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Black Carbon Deposits Speed Up Glaciers & Snow Melt in Himalayan Ranges: World Bank Study

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Black carbon deposits are accelerating glaciers and snow melt in Himalayan ranges says World BankThe World Bank Study “Glaciers of the Himalayas : Climate Change, Black Carbon, and Regional Resilience”, informs that the black carbon deposits generated by human activities from inside and outside South Asia have accelerated the glaciers and snow melt in the Himalayan range.


To identify the causes of potential changes to the glacier and snow dynamics in the Himalaya, Karakoram, and Hindu Kush mountain ranges.

By 2050, from 1.5 billion to 1.7 billion people in South Asia are projected to be vulnerable to water scarcity.

Key Points of the Study:

i.The evidence in the study suggests that in addition to the change in temperatures and precipitation patterns, anthropogenic black carbon(BC) deposits are accelerating the glacier and snow melt in the Himalayas, Karakoram, and Hindu Kush mountain ranges.

ii.This also examines the extent of water resources and the impacts of the loss of glaciation on downstream river basins.

iii.The study presents the scenarios through to 2040, to align with a reasonable policy-making time horizon.

iv.Addressing the challenges related to the melting glaciers is a transboundary task beyond the scope of a single country policymaker.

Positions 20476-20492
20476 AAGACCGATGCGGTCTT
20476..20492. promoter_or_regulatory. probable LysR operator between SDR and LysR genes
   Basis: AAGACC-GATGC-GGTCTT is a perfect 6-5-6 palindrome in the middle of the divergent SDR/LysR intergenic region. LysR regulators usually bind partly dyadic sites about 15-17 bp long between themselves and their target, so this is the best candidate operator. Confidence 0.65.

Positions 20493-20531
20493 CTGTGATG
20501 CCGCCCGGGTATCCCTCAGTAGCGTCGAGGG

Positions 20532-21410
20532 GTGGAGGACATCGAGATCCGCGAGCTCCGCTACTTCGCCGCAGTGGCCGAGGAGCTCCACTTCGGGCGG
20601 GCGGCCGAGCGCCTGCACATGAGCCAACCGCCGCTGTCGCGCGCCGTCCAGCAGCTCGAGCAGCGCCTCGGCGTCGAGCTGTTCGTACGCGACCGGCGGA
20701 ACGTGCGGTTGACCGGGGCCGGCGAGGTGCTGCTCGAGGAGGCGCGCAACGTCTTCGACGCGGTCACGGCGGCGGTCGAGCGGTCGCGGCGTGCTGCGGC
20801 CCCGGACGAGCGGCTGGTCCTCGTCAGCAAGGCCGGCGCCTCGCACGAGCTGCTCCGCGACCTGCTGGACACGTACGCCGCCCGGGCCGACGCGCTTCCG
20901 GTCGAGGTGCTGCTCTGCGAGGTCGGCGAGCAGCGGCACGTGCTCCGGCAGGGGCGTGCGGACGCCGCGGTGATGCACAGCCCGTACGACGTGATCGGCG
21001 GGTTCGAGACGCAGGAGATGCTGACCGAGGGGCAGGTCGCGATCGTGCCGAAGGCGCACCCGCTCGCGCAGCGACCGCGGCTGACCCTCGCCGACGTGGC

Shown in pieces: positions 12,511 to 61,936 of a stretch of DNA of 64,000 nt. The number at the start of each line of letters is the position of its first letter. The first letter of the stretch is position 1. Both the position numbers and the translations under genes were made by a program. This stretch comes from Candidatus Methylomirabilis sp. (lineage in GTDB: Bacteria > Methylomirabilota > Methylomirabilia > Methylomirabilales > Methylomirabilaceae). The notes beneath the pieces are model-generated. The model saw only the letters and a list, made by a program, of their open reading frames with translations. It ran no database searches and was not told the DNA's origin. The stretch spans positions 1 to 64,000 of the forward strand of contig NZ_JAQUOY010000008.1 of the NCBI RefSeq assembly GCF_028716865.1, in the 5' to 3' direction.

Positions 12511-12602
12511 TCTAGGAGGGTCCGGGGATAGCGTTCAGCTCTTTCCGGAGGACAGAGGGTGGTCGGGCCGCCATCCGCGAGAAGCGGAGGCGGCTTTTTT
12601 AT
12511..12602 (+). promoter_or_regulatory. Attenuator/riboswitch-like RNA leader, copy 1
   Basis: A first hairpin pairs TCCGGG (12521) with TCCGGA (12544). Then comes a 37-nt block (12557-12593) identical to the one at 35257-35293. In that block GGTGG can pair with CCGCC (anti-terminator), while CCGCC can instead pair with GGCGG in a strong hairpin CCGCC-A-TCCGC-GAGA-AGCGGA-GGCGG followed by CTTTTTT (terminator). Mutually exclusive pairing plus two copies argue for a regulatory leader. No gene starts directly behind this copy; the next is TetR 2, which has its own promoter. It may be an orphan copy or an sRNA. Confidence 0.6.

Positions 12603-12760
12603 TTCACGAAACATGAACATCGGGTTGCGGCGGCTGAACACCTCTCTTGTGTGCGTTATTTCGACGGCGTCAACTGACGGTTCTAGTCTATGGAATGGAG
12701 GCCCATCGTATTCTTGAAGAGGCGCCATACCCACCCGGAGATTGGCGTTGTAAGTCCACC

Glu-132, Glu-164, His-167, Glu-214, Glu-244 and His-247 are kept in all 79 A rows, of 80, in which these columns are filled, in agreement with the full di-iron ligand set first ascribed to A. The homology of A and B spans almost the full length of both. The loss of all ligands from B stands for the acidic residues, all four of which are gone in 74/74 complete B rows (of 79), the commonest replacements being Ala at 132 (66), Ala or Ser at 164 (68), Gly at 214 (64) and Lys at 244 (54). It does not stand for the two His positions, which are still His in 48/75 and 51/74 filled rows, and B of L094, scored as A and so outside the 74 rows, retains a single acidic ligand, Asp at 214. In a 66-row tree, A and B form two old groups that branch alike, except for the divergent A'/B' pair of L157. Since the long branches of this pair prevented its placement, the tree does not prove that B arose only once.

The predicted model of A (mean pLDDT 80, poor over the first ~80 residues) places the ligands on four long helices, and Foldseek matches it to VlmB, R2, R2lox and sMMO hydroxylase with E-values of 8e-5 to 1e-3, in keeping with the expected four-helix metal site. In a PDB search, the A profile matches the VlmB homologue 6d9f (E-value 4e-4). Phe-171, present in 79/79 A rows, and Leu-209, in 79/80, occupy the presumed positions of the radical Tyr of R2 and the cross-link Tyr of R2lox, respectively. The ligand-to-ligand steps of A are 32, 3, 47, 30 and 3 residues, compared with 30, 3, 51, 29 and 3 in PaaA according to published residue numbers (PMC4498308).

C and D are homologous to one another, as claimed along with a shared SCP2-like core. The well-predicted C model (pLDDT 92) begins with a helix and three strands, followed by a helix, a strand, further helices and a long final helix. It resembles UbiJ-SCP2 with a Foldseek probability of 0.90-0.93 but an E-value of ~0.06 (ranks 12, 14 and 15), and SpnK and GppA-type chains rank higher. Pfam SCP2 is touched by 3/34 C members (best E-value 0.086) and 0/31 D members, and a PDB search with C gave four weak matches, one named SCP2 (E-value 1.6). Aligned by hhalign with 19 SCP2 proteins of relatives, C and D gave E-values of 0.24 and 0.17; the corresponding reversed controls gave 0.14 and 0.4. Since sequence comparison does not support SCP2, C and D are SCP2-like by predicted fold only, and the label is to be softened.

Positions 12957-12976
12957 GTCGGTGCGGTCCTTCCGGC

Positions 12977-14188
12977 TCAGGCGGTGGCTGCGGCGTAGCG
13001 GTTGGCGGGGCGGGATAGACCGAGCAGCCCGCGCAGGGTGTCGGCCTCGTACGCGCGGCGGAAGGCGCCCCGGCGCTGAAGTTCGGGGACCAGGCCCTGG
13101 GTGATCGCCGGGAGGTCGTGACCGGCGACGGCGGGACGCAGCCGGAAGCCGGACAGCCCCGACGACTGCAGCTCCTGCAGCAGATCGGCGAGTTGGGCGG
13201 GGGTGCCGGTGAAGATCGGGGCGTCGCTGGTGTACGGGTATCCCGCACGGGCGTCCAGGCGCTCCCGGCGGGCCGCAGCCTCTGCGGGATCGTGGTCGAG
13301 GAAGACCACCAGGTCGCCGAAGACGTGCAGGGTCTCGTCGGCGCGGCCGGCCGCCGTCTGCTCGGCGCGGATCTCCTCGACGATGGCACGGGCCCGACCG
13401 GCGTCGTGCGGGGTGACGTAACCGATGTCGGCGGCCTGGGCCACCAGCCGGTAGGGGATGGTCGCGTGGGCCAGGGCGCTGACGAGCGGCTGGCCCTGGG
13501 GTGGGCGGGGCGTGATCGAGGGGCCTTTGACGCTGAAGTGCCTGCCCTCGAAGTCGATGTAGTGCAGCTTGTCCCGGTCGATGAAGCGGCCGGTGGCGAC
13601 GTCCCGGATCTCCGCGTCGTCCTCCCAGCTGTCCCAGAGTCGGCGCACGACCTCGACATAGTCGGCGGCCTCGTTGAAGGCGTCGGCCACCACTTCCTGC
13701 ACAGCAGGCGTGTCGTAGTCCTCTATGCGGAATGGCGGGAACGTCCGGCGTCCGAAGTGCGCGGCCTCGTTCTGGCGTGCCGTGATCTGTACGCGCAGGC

Importance of Himalayan glaciers:

i.The glaciers of the Himalayas provide water to around 750 million people living in this region.

ii.The changes in the glaciers and snow due to climate change and black carbon, determining the implications of water resources in Indus, Ganges, and Brahmaputra basins.

Gist About Black Carbon:

Black carbon is a kind of an aerosol. An aerosol is a suspension of fine solid particles or liquid droplets in the air. Among aerosols (such as brown carbon, sulphates), Black Carbon (BC) has been recognized as the second most important anthropogenic agent for climate change and the primary marker to understand the adverse effects caused by air pollution.

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About World Bank:

President– David Malpass
Managing Director and  Chief Administrative Officer- Shaolin Yang
Headquarters– Washington, DC, United States